Maine-based soul singer Lyle Divinsky got the first call from The Motet in December 2015.
The Colorado funk-Afrobeat hybrid was looking for a new frontman when Jans Ingber left the group after 15 years in order to focus on his family. Divinsky came highly recommended from two East Coast funk groups and mutual friends, Lettuce and Turkuaz, and was invited on The Motet’s January 2016 tour with a handful of other guest vocalists as part of his audition process. By March, he was in the studio recording vocals for the band’s seventh studio album, “Totem.”
“It was kind of just like, balls to the wall, all right, let’s get creative,” Divinsky said recently while visiting family in Portland, Maine, for Christmas (he officially relocated to Denver more than a year ago). “… I think that having such little time to work with was the greatest gift that I could have. I didn’t have the ability or the leisure to take my time with (the songs), so I couldn’t second-guess, I couldn’t — it was just all go by intuition and let it out in whatever way was coming to me right off.”
After almost two years of solid touring with The Motet, Divinisky has been embraced by audiences and band members alike.
“Change is very difficult, especially when it’s the frontman,” he said. “… That’s kind of the voice of the band, the one with the microphone speaking to the crowds and the audiences. I was definitely nervous about that, and I was curious how that was gonna go. Almost 99 percent of The Motet fans have just been open arms, welcoming and really, really incredibly encouraging to me.”
The septet — also featuring founder/bandleader/drummer Dave Watts, keyboardist Joey Porter, bassist Garrett Sayers, guitarist Ryan Jalbert, trumpeter Gabe Mervine and saxophonist Drew Sayers (who also hopped aboard in 2016) — is in the process of recording its next studio album, and released the upbeat, seven-plus minute funk jam, “Get it Right,” in October. Before that, the group will kick off 2018 with extensive touring through April, including a New Year’s run in Oregon that hits the Domino Room on Friday.
The Motet has been a Bend favorite stretching back for more than a decade; it was last in town for the 2015 4 Peaks Music Festival. Divinsky has never played Bend before, but his bandmates have been talking up the city, he said.
“Every time that I’ve been to Oregon, I’m welcomed with just incredibly enthusiastic, amazing audiences,” he said. “… That’s the thing I take away from Oregon, and I’ve heard that Bend is the same way — people are ready to give themselves to the experience, and I think that that’s the most important part. It’s an energy exchange, and the more that we’re all together, the greater the sum of the experience will be.”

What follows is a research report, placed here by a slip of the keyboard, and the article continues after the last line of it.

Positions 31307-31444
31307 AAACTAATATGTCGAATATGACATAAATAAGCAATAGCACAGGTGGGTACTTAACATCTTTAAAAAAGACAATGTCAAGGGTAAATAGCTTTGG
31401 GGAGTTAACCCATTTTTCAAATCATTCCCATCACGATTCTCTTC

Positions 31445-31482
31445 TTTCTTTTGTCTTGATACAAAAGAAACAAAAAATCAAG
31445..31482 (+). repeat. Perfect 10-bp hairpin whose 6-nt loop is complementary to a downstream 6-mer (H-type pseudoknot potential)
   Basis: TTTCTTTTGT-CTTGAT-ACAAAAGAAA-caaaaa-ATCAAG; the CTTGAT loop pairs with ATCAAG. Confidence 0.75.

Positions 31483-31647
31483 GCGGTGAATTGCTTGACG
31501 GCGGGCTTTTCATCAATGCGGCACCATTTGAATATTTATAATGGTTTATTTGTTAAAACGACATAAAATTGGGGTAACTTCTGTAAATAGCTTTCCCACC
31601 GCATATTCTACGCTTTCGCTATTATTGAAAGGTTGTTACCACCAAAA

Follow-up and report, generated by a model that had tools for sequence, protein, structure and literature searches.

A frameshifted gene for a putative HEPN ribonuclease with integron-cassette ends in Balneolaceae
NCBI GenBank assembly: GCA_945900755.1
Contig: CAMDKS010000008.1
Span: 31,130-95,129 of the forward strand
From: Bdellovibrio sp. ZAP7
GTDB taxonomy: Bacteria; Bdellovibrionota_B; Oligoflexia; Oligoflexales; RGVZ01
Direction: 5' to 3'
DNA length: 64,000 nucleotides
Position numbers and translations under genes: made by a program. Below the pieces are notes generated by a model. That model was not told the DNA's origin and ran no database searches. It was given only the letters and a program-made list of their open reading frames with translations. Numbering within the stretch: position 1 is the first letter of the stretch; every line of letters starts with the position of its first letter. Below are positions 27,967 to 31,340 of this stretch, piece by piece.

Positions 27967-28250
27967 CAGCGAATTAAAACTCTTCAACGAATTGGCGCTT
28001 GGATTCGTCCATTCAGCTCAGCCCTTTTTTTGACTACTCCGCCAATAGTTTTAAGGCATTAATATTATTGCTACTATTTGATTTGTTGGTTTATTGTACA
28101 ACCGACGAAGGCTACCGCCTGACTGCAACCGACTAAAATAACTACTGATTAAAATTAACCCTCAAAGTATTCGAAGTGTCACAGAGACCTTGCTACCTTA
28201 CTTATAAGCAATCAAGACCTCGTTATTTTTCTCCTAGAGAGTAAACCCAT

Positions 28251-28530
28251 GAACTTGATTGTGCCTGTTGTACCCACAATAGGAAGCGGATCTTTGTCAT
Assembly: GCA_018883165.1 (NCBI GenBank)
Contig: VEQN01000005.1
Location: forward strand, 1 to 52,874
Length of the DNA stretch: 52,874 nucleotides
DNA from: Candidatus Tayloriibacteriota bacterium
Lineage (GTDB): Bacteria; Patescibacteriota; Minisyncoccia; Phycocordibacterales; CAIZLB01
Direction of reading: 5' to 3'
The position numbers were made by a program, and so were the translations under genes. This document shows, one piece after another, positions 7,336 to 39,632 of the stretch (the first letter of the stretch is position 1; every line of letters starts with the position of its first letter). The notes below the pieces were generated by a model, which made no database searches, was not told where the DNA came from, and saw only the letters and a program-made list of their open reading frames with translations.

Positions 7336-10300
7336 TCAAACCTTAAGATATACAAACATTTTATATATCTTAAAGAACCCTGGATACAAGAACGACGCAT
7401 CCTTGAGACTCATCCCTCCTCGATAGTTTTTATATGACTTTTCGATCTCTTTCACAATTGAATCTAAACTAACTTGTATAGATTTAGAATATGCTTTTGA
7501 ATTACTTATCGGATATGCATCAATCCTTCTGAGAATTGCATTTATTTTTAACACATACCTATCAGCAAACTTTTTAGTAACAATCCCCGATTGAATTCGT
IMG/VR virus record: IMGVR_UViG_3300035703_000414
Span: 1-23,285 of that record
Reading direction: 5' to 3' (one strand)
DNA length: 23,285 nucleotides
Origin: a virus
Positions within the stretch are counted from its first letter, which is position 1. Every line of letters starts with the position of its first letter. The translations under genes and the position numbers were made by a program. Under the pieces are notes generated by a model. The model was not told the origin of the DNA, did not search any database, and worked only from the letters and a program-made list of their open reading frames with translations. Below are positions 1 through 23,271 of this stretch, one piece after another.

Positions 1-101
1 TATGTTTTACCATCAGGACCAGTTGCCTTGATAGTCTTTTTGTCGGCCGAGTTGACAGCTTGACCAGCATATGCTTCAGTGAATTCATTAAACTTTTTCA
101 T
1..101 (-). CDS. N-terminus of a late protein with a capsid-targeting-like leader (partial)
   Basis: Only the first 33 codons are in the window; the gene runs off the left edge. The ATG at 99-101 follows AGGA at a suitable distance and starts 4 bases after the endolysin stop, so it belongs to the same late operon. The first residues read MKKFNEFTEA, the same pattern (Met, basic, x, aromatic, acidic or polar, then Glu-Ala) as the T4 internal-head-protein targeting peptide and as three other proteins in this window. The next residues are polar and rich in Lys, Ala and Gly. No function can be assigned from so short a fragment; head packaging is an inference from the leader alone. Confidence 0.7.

Before he joined The Motet, Divinsky was in the midst of a growing solo career: He released his solo album, “Uneven Floors,” about a year before, and had put together a band (he continues to play solo during rare breaks from The Motet). Touring with The Motet, which will celebrate its 20th anniversary next year, was an immediate step up — suddenly, Divinsky found himself playing for sold-out houses at The Fillmore in San Francisco and Red Rocks Amphitheatre in Denver.
“I had never been to Red Rocks,” Divinsky said. “I had never seen it in person, and I had always wanted to go there, and the fact that I got to walk in there for the first time headlining with this new band — we had Medeski, Martin & Wood and Vulfpeck playing before us. And then I got to tie it together where my parents and two of my really, really close friends came out for the show as well, so it was kind of tying the worlds together a little bit in a really momentous way. And it was just kind of one of those eye-opening experiences, like, holy s---, how did I get here? This is awesome.”
Divinsky and Drew Sayers (Garrett Sayers’ brother) joined The Motet at a transformative time in the group’s history. The band has gone through numerous lineup changes since its formation in 1998, with founder Watts exerting a strong influence on the songwriting early on.
But 2014’s self-titled album was billed as something of a turning point, with the band’s members all contributing equally to songwriting and production. The album’s raw sound, achieved through analog recording techniques, came perhaps the closest to capturing the band’s jam-heavy, dance-happy live show.
That collaborative process continued on “Totem” and the recent sessions for the band’s upcoming album. Only this time, Divinsky and Drew Sayers were involved in the process from the beginning.
“I had always written myself — being a solo artist beforehand, it was always coming, starting and ending with me,” Divinsky said. “And then now it’s really, really exciting to have a different kind of process and have so many different minds coming together. It’s been a lot of lessons and a lot of learning and a lot of just mental and musical expansion for me.”